December 14, 2022

Holiday Tradition Hiatus

— Over 1 in 10 Americans are giving roast turkey a poultry pardon this year due to inflation.

Building a gingerbread house; opening chocolate advent calendars, and roasting a gleaming, golden turkey for the table centerpiece… These are just a few of the classic food traditions we usually embrace over the holiday season. However, for many people, this year has been less than merry and bright in terms of finances as the annual inflation rate reached a 40-year high of 9.1% in June. Sky-high inflation has increased grocery bills by 13.1% over the last year, while the price of food away from home increased substantially less - 7.6%. This means in some cases, it proves more economical to eat out, as compared to doing household shopping and cooking.

We surveyed over 1,000 people across the country to determine how many have had to forgo their favorite festive pastimes due to financial constraints.

Having everyone bring a dish
35%
Setting a gift-giving budget
32%
Not making any changes
20%
More affordable alcohol options
18%
Substituting turkey for more affordable options
16%
Getting takeout
16%
Eating out instead of eating at home
13%
Substituting meat for plant-based alternatives
9%

Overall, it was found that the main tradition people will be changing this year to reduce costs is transforming their holiday meal into a potluck event, rather than providing guests with an entire meal. A significant 34.6% of people said they’re asking their guests to each bring a dish to their festive gathering this year and another 32.2% said they’re setting a gift-giving budget as a way to save costs over the holidays.

It appears inflation has increased grocery costs to the point where 12.7% of people have actually opted out of cooking at home and instead, plan on dining out at a restaurant for their holiday meal. Another 18.2% of people are forgoing their favorite boozy beverages for cheaper alcohol choices.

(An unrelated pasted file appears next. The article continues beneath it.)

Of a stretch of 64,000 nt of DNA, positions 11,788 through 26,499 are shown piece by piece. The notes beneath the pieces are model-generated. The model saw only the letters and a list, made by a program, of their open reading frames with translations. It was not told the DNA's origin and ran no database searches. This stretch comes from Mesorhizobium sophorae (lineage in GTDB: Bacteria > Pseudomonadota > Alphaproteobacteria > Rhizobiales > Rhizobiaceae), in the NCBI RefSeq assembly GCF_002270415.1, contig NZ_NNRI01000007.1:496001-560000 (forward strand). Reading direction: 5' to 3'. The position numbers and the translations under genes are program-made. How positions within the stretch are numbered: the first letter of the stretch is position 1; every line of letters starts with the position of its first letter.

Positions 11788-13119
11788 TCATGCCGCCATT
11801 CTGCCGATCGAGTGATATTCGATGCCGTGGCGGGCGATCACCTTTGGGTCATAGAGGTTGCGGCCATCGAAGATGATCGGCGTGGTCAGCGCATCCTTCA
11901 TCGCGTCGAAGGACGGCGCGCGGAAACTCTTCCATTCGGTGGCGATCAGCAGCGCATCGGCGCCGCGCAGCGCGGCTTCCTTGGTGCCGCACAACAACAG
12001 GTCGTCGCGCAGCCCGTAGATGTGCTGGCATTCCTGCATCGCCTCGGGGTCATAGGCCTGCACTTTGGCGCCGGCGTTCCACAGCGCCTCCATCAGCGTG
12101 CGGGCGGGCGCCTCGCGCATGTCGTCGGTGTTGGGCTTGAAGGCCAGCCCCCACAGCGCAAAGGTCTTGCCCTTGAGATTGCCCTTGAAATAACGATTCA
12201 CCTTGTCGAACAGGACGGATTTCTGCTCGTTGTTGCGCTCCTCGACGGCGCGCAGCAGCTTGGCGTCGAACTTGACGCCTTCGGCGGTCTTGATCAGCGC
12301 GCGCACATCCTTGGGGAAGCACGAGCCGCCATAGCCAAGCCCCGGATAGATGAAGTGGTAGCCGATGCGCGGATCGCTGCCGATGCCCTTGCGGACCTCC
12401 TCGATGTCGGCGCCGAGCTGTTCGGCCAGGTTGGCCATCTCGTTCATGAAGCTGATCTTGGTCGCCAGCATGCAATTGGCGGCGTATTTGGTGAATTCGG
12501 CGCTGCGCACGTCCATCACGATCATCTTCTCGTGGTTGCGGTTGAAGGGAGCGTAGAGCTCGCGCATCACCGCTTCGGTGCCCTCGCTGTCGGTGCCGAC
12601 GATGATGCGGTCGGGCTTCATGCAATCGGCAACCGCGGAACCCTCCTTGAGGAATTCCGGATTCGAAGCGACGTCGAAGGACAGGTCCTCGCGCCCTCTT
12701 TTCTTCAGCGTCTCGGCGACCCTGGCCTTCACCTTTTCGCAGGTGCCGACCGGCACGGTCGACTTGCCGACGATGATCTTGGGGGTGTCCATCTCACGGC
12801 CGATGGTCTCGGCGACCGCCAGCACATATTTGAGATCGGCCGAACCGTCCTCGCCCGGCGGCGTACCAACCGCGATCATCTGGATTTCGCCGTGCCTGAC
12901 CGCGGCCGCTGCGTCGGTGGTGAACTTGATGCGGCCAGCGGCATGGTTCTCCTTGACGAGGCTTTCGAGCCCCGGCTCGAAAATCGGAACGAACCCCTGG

Turkeys are not only getting a presidential pardon this year, but a national poultry pardon too! Combined with inflation causing the cost of the bird to sky-rocket over 75% more as compared to last year, there has also been a decreased supply of turkey due to a long outbreak of avian flu in more than 40 states. Therefore, it’s understandable why more than 1 in 7 Americans (15.6%) have chosen to substitute their traditional turkey centerpiece for a more affordable option this festive season.

’It’s an unfortunate reality that people are having to sacrifice or change holiday traditions this year due to the domino effect of inflation-related factors,’ says Daniel Petz, Co-founder & CEO of boam.com. ‘While these circumstances are out of consumers’ control, it’s evident that families are implementing changes to best suit their budgets during this time - whether it’s giving an official poultry pardon to the turkey centerpiece or choosing to support independent, local businesses by eating out over the holidays instead of cooking at home!’

METHODOLOGY

The boam research team compiled a potential list of holiday traditions in America that people will be changing in order to save costs over the holidays. Of these, we selected nine of the most relevant, which were applicable to the increased cost of living in the current socio-economic landscape. We then surveyed over 1,000 people across the country, asking them to pick any cost-saving options that were applicable to them this festive season. These results were then analyzed to determine the most popular money-saving method. (Pollfish, December 2022)